Since right after 9/11, this premise has been one of the guiding ideas of American foreign policy; it was already a popular idea among the denizens of neoconservative think tanks long before that. (See the first few chapters of George Packer's book _The Assassin's Gate_ for a good discussion of this.) Events in Iraq have already put it to a severe test, but this could stretch it to the breaking point.

Intellectually, I find the "D = L" premise dubious, but I nevertheless worry about its demise for two reasons. (1) Dropping it means overhauling the last several years of American foreign policy, which itself creates global security risks; since the U.S. is the last remaining superpower, changing its stance in the world opens up the possibility of a power vacuum. (This is about the only element of Dick Cheney's worldview that actually matches up with reality.) (2) Although I'm no foreign policy expert, I certainly can't think any alternatives to the "D = L" premise floating out there that are any more compelling and any more useful for policymakers. (The old options, like Nixon-Kissinger realism, seem tired and out of place now that the Cold War is over, and none of them deal very well with "soft" (i.e. non-state) threats.) That's why the Republicans keep winning the policy debates in Washington and in the country over national security; the Democrats don't have a replacement for the "D = L" premise that is nearly as constructive and optimistic.

So yes, it feels like the world is ending, but I myself don't feel entirely fine.

Sandalstraps said...

Personally I see here only doom and gloom, so I'm forcing myself to write at least hope hopelessly optimistic forecast. Here it is (in keeping with some neo-con assumptions, though not quite as strong as Brians D = L):

Hamas, having been legitimately elected to lead (and represent) Palestine, decides that they need to compromise some in order to gain some external legitimacy to match their overwhelming internal legitimacy.

The US and Israel, seeing Hamas' dedication to their own people (and, as such, their willingness to cooperate more with the peace process) decide that it would be unwise to categorically rule out negotiations with Hamas.

Peace talks resume, with willing (if leery) partners in Isarel, Hamas, and the US (along with whoever else wants to/is able to join). During the peace talks, encouraged by their newfound participating in both the democratic and diplomatic process, Hamas grows less militant and more diplomatic. The learn, in other words, how to be a legitimate governing body.

This is not probable, but it is possible. It is made more likely by the overwelming nature of Hamas' victory in the election, because now everyone knows that when Hamas speaks they speak for Palestine, and so they (if we are wise) cannot be excluded or frozen out.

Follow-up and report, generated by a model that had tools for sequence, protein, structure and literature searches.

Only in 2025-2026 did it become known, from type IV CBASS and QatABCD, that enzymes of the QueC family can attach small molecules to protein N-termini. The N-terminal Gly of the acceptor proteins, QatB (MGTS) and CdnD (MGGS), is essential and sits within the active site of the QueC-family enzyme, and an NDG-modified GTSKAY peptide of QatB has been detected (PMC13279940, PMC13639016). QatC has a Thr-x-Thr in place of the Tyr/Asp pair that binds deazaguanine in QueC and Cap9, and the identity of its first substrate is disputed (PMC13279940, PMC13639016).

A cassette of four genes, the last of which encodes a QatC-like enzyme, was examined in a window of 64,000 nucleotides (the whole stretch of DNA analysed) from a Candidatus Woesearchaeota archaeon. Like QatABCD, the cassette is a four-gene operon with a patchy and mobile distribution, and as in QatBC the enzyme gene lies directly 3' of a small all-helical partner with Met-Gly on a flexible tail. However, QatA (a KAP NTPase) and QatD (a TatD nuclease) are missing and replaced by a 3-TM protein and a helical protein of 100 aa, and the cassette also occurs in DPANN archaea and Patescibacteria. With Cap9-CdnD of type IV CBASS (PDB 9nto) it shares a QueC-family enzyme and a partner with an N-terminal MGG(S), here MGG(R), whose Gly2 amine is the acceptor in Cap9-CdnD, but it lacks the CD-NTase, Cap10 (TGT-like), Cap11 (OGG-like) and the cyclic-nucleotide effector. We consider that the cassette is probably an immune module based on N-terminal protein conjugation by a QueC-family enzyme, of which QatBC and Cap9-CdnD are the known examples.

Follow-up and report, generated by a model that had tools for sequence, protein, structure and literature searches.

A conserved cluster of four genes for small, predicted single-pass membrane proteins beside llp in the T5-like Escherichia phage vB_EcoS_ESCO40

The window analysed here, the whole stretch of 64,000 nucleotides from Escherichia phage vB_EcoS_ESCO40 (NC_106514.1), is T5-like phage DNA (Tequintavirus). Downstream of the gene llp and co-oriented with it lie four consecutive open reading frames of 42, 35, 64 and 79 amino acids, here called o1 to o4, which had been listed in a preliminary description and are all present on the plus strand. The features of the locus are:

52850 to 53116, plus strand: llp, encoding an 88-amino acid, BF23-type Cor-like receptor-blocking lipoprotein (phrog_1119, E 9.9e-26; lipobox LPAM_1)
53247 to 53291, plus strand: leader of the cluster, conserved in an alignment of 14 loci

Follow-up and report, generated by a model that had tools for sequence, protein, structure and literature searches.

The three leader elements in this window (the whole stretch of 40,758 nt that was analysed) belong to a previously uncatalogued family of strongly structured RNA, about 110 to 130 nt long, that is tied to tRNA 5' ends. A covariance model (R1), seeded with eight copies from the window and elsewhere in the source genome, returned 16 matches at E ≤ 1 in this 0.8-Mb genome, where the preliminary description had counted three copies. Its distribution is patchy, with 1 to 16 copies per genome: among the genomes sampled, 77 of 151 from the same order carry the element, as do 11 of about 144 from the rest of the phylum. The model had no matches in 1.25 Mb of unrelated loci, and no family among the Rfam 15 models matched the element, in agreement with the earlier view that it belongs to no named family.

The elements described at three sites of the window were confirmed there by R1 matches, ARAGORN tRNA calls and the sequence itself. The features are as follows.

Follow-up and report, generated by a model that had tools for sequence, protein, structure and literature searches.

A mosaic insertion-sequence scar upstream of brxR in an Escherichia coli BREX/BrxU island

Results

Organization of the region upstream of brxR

At least now we know where we stand, and that is one positive. We also have demonstarted to Hamas that democracy "works" at least in the sense that if you participate in the democratic process your voice will be heard more clearly than if you bomb busses.

In other words, the D = L hypothsis could be ammended to D = moderate tolerance without sending the Middle East into chaos.

That said, this election does show one fundamental flaw in democracy: "the people" do not always know what is in their own interests. While democracy gives many potentially marginalized people a voice, it does not, by itself, help them use their voice with any wisdom. So, in the US we have (at least the second time) a legitimately elected president of questionable (at best) wisdom.

Now in Palestine Hamas has been legitimately empowered by the election, but they are not obviously in the best interests of Palestinians (though they do "take care of their own" and, as the cliche goes, "all elections are local"). I say this because Palestinians should know that it is ultimately in their best interests to make peace with Israel, and Hamas does not seem too interested in peace, unless that peace is brought about by the destuction of Israel.

But I said I would present a more optimistic picture. So, maybe this victory will encourage Hamas to participate in the peace process, and maybe the nature of this victory will teach the US and Israel that there is no way to get around dealing with Hamas.

Tom said...

This entire process reminds me somewhat of the culture war (particularly in light of new comments posted by our beloved dissenter).